Triangle Communities (our map kind of looks like a triangle?!)
This is what I’ve been trying to describe to my friends…and I’ve finally put a name to it! Triangle Communities. “The smaller the triangle, the happier the human, as long as there is social interaction to be had.” “In many American cities, you can spend an hour or two travelling each side. You live in Pasadena (Arlington), work in North Hollywood (Capitol Hill), shop in the Valley (Georgetown). Where is your community?”
YES! YES! YES! And YES! It’s so true. And this is why I Choose Cheverly. Let’s take last weekend as an example. Saturday at 9:15, T-ball at Cheverly’s Town Park (I walked). Saturday at 10:30 I dropped by the Cheverly Community Market (I walked). Saturday at 11:30 I had my son’s 6th Birthday party…thankful for my back yard so that the kids could play and throw water balloons. Again, no need to drive anywhere until 5:30 when I met my friends 2 miles down the road from Cheverly (a good 5 min drive) at an Ivy City Distillery. Was I stressed? No. Did I see a ton of friends? Yes. I saw friends at T-ball. I saw friends at the Market. I saw friends at the birthday party and also at the distillery. Were all these friends Cheverly residents? Yes. Is my triangle small? Yes. Did I have social interaction? Plenty. Almost too much J “The smaller the triangle, the happier the human, as long as there is social interaction to be had.”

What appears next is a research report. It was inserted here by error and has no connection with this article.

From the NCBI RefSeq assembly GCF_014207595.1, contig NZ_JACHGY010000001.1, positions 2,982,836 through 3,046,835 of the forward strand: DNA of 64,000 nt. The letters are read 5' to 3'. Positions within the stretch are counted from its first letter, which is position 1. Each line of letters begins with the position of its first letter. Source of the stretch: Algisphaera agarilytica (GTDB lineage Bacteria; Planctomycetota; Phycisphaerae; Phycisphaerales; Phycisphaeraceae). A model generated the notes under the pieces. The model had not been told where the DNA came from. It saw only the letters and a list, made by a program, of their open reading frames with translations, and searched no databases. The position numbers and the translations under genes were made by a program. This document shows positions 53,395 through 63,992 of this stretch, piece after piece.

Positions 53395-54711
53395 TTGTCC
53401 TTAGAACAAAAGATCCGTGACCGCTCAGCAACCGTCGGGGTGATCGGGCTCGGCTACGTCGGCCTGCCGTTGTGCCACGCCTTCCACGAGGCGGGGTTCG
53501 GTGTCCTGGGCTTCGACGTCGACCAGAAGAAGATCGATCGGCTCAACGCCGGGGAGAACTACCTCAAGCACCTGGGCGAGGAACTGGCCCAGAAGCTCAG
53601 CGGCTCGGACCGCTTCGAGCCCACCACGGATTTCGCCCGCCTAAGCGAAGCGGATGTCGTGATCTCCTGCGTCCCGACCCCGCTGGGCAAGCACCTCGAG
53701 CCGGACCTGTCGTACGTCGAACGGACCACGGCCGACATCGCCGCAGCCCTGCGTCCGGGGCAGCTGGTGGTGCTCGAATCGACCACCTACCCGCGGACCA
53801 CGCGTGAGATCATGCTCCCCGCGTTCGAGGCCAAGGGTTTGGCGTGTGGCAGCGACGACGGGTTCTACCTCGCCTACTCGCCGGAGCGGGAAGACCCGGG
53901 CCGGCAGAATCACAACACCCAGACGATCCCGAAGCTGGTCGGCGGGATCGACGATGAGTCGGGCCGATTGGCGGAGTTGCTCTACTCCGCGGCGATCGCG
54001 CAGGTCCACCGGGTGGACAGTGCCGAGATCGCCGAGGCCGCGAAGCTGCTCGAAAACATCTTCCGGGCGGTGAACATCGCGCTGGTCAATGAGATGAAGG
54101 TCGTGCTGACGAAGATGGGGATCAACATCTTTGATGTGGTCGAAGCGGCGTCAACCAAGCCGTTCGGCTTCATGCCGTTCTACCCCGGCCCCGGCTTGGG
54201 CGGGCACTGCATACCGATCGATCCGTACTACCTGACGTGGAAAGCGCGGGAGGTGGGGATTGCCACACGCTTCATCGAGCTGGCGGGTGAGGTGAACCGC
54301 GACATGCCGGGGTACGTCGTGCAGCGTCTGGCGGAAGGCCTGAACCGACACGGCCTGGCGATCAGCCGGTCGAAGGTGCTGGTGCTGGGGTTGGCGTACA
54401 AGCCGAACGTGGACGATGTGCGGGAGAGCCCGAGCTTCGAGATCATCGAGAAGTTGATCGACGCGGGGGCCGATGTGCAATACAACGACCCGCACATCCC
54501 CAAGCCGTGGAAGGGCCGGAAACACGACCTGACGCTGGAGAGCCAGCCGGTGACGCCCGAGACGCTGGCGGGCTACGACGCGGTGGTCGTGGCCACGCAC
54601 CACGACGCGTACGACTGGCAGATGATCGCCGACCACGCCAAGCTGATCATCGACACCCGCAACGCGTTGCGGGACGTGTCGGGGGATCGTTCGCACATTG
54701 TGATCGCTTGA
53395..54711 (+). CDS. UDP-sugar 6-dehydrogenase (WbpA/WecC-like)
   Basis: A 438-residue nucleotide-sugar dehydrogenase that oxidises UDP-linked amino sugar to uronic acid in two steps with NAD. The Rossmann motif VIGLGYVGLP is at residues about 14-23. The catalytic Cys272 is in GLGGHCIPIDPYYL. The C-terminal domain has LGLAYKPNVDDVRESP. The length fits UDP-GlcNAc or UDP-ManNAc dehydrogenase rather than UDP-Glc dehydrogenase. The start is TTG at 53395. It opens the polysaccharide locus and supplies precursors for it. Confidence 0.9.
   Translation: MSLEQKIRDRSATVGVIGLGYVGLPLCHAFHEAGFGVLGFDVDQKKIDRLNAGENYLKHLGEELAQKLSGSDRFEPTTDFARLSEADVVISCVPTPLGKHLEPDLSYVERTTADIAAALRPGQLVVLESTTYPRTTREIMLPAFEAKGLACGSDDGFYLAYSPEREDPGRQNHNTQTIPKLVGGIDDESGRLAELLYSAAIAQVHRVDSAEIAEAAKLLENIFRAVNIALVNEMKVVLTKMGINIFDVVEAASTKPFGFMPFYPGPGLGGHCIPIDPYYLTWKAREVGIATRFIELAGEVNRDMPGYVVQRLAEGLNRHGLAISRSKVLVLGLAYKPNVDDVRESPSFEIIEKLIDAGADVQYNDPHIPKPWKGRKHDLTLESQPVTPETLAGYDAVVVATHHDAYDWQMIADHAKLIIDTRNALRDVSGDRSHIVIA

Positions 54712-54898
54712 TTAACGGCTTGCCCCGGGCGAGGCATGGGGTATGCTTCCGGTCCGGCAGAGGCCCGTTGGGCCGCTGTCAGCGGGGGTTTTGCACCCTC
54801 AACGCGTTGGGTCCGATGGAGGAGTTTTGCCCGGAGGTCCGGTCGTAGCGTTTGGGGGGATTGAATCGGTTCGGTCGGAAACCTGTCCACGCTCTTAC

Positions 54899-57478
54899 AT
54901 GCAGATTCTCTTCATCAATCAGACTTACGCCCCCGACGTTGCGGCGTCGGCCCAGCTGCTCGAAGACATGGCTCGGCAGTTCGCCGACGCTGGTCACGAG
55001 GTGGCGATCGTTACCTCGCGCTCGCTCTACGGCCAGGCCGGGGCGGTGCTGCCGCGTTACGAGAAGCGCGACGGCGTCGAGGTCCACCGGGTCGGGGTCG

In a canonical English village, or in a university town, the sides of that triangle are very short: a five-minute walk from one point to the next. In many American cities, you can spend an hour or two travelling each side. “You live in Pasadena, work in North Hollywood, shop in the Valley,” Putnam said. “Where is your community?” The smaller the triangle, the happier the human, as long as there is social interaction to be had. In that kind of life, you have a small refrigerator, because you can get to the store quickly and often. By this logic, the bigger the refrigerator, the lonelier the soul.